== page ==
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Nutrients 2018, 10(2), 189; doi:10.3390/nu10020189
A Plant-Based Dietary Intervention Improves Beta-Cell Function and Insulin Resistance in Overweight Adults: A 16-Week Randomized Clinical Trial
Physicians Committee for Responsible Medicine, Washington, DC 20016, USA
Metabolic Unit, CNR Institute of Neuroscience, 35127 Padua, Italy
Institute of Endocrinology, 11394 Prague, Czech Republic
School of Medicine, University of Utah, Salt Lake City, UT 84132, USA
Adjunct Faculty, George Washington University School of Medicine and Health Sciences, Washington, DC 20016, USA
Author to whom correspondence should be addressed.
Received: 19 December 2017 / Accepted: 5 February 2018 / Published: 9 February 2018
The aim of this study was to test the effect of a plant-based dietary intervention on beta-cell function in overweight adults with no history of diabetes. Participants (n = 75) were randomized to follow a low-fat plant-based diet (n = 38) or to make no diet changes (n = 37) for 16 weeks. At baseline and 16 weeks, beta-cell function was quantified with a mathematical model. Using a standard meal test, insulin secretory rate was calculated by C-peptide deconvolution. The Homeostasis Model Assessment (HOMA-IR) index was used to assess insulin resistance while fasting. A marked increase in meal-stimulated insulin secretion was observed in the intervention group compared with controls (interaction between group and time, Gxt, p < 0.001). HOMA-IR index fell significantly (p < 0.001) in the intervention group (treatment effect −1.0 (95% CI, −1.2 to −0.8); Gxt, p = 0.004). Changes in HOMA-IR correlated positively with changes in body mass index (BMI) and visceral fat volume (r = 0.34; p = 0.009 and r = 0.42; p = 0.001, respectively). The latter remained significant after adjustment for changes in BMI (r = 0.41; p = 0.002). Changes in glucose-induced insulin secretion correlated negatively with BMI changes (r = −0.25; p = 0.04), but not with changes in visceral fat. Beta-cell function and insulin sensitivity were significantly improved through a low-fat plant-based diet in overweight adults.
Keywords:beta-cell function; diet; nutrition; diabetes; vegan
Impairment of pancreatic beta-cell function, typically preceded by insulin resistance in muscle and liver cells, is a key factor in type 2 diabetes . Improvements in beta-cell function, however, are not typically a goal of diabetes treatment. Beta-cell failure reflects a relative loss of beta-cell mass due to apoptosis , as well as selective loss of sensitivity to glucose, along with the loss of first-phase insulin secretion . Limited data suggest that beta-cell function and beta-cell mass may be influenced by diet [4,5,6] and physical activity .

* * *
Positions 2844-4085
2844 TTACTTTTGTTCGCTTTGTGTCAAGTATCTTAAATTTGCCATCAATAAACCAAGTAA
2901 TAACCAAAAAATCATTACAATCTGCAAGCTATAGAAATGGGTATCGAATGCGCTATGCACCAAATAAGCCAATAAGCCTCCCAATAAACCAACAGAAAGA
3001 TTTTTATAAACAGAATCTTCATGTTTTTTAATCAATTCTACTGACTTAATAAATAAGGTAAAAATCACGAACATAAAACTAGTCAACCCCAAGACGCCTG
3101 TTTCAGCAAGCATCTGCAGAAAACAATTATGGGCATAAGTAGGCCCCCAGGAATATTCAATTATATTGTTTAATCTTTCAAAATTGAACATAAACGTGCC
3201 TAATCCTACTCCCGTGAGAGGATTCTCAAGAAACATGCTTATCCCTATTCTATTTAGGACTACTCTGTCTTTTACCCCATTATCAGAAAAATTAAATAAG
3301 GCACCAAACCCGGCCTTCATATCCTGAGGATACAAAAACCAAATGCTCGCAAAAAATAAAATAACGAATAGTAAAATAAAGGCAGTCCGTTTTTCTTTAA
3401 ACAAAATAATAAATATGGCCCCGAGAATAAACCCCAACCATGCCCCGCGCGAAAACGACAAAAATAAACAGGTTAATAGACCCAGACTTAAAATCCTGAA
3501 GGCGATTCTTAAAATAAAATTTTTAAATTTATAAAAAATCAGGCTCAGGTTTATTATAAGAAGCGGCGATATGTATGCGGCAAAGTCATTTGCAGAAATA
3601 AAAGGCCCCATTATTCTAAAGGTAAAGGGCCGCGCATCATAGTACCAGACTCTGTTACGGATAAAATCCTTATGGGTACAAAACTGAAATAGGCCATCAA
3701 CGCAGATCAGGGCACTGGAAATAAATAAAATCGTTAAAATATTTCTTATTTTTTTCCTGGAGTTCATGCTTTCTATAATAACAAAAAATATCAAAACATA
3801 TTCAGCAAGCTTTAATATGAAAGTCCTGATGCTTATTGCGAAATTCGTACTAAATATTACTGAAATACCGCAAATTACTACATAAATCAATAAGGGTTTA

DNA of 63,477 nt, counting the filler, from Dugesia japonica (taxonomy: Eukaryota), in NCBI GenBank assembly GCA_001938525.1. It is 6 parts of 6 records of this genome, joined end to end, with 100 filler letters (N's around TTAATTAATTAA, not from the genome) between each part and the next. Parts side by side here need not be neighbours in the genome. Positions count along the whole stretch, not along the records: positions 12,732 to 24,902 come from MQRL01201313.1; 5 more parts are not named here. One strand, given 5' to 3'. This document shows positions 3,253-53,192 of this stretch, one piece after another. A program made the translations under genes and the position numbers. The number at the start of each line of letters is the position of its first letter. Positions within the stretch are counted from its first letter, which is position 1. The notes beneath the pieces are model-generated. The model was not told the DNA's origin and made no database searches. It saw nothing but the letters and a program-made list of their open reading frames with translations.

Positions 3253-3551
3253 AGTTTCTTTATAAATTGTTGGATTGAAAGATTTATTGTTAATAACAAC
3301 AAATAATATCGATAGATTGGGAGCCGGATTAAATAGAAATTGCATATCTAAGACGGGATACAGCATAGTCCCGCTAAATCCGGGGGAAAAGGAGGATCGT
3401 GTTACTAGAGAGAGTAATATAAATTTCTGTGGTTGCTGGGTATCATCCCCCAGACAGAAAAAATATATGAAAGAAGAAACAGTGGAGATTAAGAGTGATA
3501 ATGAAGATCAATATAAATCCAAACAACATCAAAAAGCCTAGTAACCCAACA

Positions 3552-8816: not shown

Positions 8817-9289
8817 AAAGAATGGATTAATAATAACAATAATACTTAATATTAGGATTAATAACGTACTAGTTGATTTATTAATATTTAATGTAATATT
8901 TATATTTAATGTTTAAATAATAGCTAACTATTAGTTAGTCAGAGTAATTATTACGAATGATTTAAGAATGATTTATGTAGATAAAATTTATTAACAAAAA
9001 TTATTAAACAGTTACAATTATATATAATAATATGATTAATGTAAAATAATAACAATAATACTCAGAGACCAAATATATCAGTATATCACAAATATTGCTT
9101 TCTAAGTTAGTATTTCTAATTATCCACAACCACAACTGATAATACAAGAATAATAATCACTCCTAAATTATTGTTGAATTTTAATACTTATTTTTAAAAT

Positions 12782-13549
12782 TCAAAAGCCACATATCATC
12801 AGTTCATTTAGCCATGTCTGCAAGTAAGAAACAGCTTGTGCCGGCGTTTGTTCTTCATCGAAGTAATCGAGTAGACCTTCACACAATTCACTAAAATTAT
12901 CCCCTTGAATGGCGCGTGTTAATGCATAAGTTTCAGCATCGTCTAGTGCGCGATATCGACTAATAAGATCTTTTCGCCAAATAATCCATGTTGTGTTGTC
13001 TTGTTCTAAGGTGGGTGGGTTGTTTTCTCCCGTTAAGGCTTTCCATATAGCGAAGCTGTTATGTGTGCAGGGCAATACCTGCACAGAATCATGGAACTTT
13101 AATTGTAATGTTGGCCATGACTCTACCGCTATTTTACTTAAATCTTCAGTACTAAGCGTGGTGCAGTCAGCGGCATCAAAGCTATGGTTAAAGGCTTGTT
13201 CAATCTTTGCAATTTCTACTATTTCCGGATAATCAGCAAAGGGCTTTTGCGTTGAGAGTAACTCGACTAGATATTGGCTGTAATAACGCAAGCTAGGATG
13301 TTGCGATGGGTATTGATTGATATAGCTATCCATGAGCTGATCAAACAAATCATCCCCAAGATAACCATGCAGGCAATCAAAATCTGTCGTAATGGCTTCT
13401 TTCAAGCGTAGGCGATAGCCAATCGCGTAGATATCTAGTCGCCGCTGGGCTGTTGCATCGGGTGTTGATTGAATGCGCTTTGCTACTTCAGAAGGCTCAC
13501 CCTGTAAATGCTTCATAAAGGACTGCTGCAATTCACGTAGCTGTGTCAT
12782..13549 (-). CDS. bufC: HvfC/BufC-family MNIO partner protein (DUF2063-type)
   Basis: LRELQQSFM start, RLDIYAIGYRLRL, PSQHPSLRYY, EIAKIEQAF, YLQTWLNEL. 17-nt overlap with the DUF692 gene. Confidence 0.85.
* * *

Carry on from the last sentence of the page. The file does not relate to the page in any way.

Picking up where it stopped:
Methods used for quantifying beta-cell function include the homeostasis model assessment (HOMA), oral glucose tolerance tests, intravenous glucose tolerance tests, hyperglycemic clamp, and standard meal tolerance tests. No single test allows beta-cell function to be assessed with accuracy and specificity comparable to those of insulin sensitivity. Therefore, mathematical modeling is necessary to interpret parameters of beta-cell function in all of the mentioned methods. The use of oral glucose tolerance tests or standard meal tests has been preferred due to simplicity but also for physiological significance, as they include the gastrointestinal incretin effect that follows oral nutrient ingestion [7,8].
Several prospective studies have demonstrated that diabetes prevalence is 46–74% lower among individuals following plant-based diets, compared with the general (non-vegetarian) population, even after adjustment for differences in BMI [5,6,9]. In addition, a vegan diet has been shown to improve glycemic control in type 2 diabetes compared with a more conventional hypocaloric, carbohydrate-controlled diet [10,11]. These studies raise the question as to whether such a diet intervention could improve beta-cell function and insulin sensitivity. The aim of this study was to test the effect of a dietary intervention on beta-cell function and insulin resistance in overweight adults with no history of diabetes.
2. Materials and Methods
2.1. Study Design and Eligibility
The study was conducted between October 2016 and June 2017 in Washington, DC, using a single-center, randomized, open parallel study. Men and women, aged 25 to 75 years, with a body-mass index between 28 and 40 kg/m2, were enrolled. Exclusion criteria were history of diabetes, smoking, alcohol or drug abuse, pregnancy or lactation, and current use of a vegan diet. The study protocol was approved by the Chesapeake Institutional Review Board on 12 October 2016. The protocol identification number is Pro00018983. All participants gave written informed consent. Trial Registration: ClinicalTrials.gov number, NCT02939638.
2.2. Randomization and Study Groups
The participants were randomly assigned in a 1:1 ratio to an intervention group or a control group. Participants were examined at baseline and at 16 weeks.
The intervention group was asked to follow a low-fat vegan diet (~75% of energy from carbohydrates, 15% protein, and 10% fat) consisting of vegetables, grains, legumes, and fruits. Participants were instructed to avoid animal products and added fats. Daily fat intake was 20–30 g to ensure adequate intake of essential fatty acids. No meals were provided. Vitamin B12 was supplemented (500 µg/day). The control group was asked to make no diet changes. Alcoholic beverages were limited to one per day for women and two per day for men in both groups.
To monitor adherence, a 3-day dietary record was completed by each participant at baseline and at 16 weeks. Dietary intake data were collected and analyzed by a registered dietician, using Nutrition Data System for Research version 2016, developed by the Nutrition Coordinating Center (NCC), University of Minnesota, Minneapolis, MN, USA . In addition, study dietitians made unannounced telephone calls to assess participants’ dietary adherence. All study participants were asked not to alter their exercise habits, and to continue their preexisting medication regimens for the duration of the study, except as modified by their personal physicians. Physical activity was assessed by the International Physical Activity Questionnaire (IPAQ) .